Upon my return, I praised the country and the people, but many of my Muslim friends were not interested in knowing these details. They only asked, “Were there any Palestinians at the conference and was the Israel-Palestinian issue discussed?” I was happy to respond that yes, there were Palestinians at the conference; I had even brought home a book on Islam from one of the Palestinian speakers there.

About human rights violations: granted that Israel, like every other country, has violations — but far fewer than those of the countries surrounding it. Israel is still the only liberal democracy in the area where one can find gender equality and freedom for its citizens. During my visits to Israel, I have, in fact, questioned Israeli Arabs and found that they are loath to leave the country where they enjoy freedom and human rights.

As I am accredited to the United Nations Human Rights Council in Geneva, where I attend its sessions twice a year, I have a close connection with human rights. At the UNHRC, I hear a lot about humanitarian crises, and these do not include Israel. The OIC (Organization of Islamic Co-operation), for instance, – a group of 57 Arab and Muslim States which has a permanent delegation to the United Nations and is the largest international organization outside the United Nations — continuously slams and blames Israel for everything happening in the Arab and Muslim world and beyond. This incrimination of Israel has become the norm, and can be seen as a ruse to deflect or move focus away from the real problems besetting the Arab world.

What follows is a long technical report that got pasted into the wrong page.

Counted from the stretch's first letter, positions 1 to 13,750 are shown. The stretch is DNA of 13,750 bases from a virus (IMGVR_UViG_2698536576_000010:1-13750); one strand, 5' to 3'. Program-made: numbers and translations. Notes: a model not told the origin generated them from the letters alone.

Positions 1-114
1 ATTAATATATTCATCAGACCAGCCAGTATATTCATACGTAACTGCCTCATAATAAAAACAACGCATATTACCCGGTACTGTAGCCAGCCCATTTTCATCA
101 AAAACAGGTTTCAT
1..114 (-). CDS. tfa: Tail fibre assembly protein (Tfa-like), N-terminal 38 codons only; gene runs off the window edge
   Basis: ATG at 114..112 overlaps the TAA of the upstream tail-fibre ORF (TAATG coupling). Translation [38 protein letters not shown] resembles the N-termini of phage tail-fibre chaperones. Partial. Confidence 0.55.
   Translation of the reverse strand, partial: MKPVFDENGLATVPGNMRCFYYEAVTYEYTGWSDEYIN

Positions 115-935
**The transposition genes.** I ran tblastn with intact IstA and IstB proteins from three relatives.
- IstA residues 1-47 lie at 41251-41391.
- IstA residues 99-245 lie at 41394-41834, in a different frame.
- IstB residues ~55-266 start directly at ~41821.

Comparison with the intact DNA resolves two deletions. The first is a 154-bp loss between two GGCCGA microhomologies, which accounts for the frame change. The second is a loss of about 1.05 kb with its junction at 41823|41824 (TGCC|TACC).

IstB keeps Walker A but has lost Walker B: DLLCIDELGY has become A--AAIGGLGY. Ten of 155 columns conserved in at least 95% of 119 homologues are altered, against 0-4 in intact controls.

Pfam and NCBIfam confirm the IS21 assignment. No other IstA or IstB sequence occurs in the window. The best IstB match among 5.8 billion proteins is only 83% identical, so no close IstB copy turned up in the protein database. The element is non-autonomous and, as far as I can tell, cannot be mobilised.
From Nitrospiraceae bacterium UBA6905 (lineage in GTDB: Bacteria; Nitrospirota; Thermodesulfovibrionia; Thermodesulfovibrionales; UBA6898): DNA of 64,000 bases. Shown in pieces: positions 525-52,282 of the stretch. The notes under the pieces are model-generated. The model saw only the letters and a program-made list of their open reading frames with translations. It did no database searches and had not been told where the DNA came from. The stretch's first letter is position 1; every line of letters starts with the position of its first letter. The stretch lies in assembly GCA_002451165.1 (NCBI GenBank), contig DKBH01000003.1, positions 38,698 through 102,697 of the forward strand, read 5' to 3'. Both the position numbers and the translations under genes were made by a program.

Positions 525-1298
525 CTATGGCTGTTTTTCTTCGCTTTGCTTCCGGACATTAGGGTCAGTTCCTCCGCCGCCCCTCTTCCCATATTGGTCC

BDS (Boycott, Divestment and Sanctions) against Israel is also not a new movement, but has taken on a life of its own at academic institutions all over North America. This movement has led to “Israel Apartheid Week” events, ugly and nonsensical, at many universities. If I were a student, I would, in retaliation, host Saudi Arabia, Iran and Pakistan “Apartheid Weeks.” But I know that is not the solution to the problems besetting these countries, and the crux of the issue is how freedom of speech can become the fine line between hate mongering and truth.

This incrimination also highlights the double standards held by academics such as Stephen Hawking: he had no issues, apparently, speaking in China and Iran, two countries that have appalling human rights records. But that is his problem.

My problem is that I am from Pakistan, a country where the word human rights has no meaning or recognition whatsoever. According to the Human Rights Watch World Report on Pakistan for 2012, Pakistan had a disastrous year — including increasing attacks on civilians by militant groups, religious minorities facing unprecedented insecurity and persecution, and where freedom of belief and expression are coming under severe threat as the presence of Islamists has grown by leaps and bounds. This does not even begin to address violations against women. The Aurat Foundation, a local women’s rights group in Pakistan, says the number of incidents of violence against women in Pakistan has increased at least seven percent over the past year.

Printed from: http://www.jewishpress.com/indepth/opinions/on-israels-presidents-conference/2013/06/09/